Was she an early riser?
Yes, she was an early riser. She would wake up, pray with her rosary, and wherever possible, go to mass. She had a routine of taking a walk or doing some stretches followed by getting ready for the day, which would begin with her reading the newspaper over a drink of orange juice. She hardly ate breakfast.
Did she tell you about her love story with your dad, the late Chike Akunyili?
(Laughs) It was my dad who shared their love story with me as part of capturing the story of my mother and writing her memoir. I had a beautiful interview with my father about their love before his unfortunate passing, and I am so grateful for this because you don’t always know your parents’ love story and I might never have. I had my dad tell me for long hours about the story of how they met and all the years they spent together. They had a really beautiful life together. There were struggles, but at the core, they had a beautiful friendship. I am so grateful for the journey of writing the book to capture this story. It is indeed sad that my father had to pass but I am just very trusting that this book can honour his life.
Last year, we witnessed the passing of your father in very gruesome circumstances. How did you feel knowing that all he ever did was serve Nigeria?
Undoubtedly, it is one of the most awful things that anyone would ever have to experience, not least of all, my father. I don’t think that pain would ever go away. I’d like to think that his death might have touched something in our hearts to really understand that we are at the edge and would topple over if we keep going at this sad trajectory. In his death, he gave a gift of deep warning, a warning for the country. This is not a sacrifice that he was willing to give, or a gift that he gave willingly, but ultimately that is what his death has been in the way that I have seen it. I hope and pray that his death is not in vain, and I know that if we take that deep look at ourselves and why this is happening and find the part of us that is ‘Good people, a great nation!’ We must recognise that there are some aspects of our leadership that suggest otherwise. But it is not the full story of who we are. There is something very special about the Nigerian spirit of resilience and capacity as people. This is something I have not seen in many places. We have all these blessings, and it is not by accident that it is Nigeria that has a Wizkid, Chimamanda (Ngozi Adichie), Wole Soyinka, (Chinua) Achebe, Ngozi (Okonjo Iweala), Dora Akunyili and other incredible people coming from this one country. We are better than our current reality allows for us to see and experience.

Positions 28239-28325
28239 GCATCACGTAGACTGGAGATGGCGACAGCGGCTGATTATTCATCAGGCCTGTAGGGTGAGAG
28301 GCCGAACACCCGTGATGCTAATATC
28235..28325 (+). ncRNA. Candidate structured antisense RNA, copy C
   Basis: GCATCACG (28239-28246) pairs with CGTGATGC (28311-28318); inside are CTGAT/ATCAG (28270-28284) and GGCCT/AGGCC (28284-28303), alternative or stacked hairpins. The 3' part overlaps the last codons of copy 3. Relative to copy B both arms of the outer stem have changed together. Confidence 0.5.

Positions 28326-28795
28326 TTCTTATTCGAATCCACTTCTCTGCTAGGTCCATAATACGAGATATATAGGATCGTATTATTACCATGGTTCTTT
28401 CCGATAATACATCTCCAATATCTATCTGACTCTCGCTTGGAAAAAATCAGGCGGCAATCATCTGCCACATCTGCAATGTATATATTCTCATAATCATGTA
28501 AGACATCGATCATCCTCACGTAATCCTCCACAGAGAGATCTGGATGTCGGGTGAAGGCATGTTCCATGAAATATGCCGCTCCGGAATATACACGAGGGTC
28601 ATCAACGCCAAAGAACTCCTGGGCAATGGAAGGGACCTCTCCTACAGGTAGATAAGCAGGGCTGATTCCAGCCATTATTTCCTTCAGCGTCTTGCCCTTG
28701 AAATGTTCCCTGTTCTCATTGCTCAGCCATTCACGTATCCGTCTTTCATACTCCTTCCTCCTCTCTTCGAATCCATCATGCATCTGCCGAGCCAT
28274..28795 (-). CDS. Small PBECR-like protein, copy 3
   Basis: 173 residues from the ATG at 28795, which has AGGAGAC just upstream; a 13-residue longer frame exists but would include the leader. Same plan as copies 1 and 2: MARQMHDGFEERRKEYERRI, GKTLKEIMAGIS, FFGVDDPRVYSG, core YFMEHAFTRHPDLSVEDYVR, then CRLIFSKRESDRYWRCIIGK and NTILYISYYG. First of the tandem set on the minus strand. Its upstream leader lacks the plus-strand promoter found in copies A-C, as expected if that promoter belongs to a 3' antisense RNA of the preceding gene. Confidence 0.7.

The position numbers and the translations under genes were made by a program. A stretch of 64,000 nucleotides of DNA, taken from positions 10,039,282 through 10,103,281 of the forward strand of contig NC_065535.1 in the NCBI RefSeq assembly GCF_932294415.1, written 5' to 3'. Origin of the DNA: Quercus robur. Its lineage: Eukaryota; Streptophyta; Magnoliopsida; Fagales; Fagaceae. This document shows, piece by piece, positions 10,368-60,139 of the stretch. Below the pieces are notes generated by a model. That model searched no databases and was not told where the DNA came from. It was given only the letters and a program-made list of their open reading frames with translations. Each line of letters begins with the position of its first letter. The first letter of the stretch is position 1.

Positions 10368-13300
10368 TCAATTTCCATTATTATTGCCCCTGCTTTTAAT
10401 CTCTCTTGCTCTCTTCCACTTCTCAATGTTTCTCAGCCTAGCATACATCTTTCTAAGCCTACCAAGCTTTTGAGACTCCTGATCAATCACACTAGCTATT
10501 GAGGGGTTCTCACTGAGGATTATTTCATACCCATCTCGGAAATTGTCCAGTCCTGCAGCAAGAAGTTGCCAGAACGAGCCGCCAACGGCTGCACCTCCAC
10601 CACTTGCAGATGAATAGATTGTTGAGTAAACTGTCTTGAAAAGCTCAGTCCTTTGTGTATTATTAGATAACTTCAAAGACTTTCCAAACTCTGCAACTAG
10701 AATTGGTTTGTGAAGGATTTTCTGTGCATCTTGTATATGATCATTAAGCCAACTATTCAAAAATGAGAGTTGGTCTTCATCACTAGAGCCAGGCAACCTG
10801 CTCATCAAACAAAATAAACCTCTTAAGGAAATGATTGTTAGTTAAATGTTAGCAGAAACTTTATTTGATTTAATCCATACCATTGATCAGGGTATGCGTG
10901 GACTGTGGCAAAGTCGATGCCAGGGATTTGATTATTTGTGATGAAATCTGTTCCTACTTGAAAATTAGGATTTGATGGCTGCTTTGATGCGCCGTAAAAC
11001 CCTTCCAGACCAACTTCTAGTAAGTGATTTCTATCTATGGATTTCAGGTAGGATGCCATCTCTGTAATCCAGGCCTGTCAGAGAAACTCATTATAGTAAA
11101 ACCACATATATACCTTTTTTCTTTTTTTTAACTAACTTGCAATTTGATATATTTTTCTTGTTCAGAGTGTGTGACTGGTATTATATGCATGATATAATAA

What kind of a father was he to you?
My father was a typical Igbo father. He was a disciplinarian. He was also very generous with his time and attention. He himself was a very disciplined person. He would never let any ball drop. He was a very caring man; he loved my mother deeply. He was so proud of all of us and he showed it. He was a proud father. He was someone who dedicated himself, just like my mom, to serve his community as a health care provider working as a surgeon for many decades. All my life, I have known him at the hospital. I knew him as one who did his work with a smile and he was very wise too. A lot of people leaned on his wisdom.
What is the inspiration for your new book, I Am Because We Are, which is centred around your mother’s life?
At the core, I believe in the power of stories, they help us to understand each other. I believe that stories can heal and support the inspiration that we need to step into our full potential. It gives us the necessary support, especially to the extent that my mother’s life was dedicated to the betterment of Nigeria. Her story even after death continues to carry the inspiration and the possibility for this work, which she started, to continue. That is why I wanted to tell her story because she dedicated her life to something that she felt she didn’t see through. This was a heavy burden on her shoulders on her deathbed as she continued to bemoan that she had still so much work to do for the people. In telling her story, I am empowering others to find the Dora in themselves, because we need a million Doras for us to truly shift the country in a way that we can bequeath to our children a better Nigeria. Writing this book, for me, was a way of empowering my mother in a way that time didn’t allow. This is a continuation of her work. I really hope that this book is received with the intention with which it was written – that it should serve the country the way that my mother, Dora Akunyili, did.
Why the title “I Am Because We Are”?
The title of the book really guided the essence of what guided my mother. It was the belief that everyone is sacred and everyone matters. It is about the philosophy of Ubuntu, which is something I spoke about in my John’s Hopkins graduation speech. My mother had listened to it then, and I remember her singing and dancing to the title, ‘I Am Because We Are’. So, that stayed with me. At the core, this is a philosophy of our shared humanity. It is a reminder of our interconnectedness. It is something that my mother held very dear. It encapsulates her life.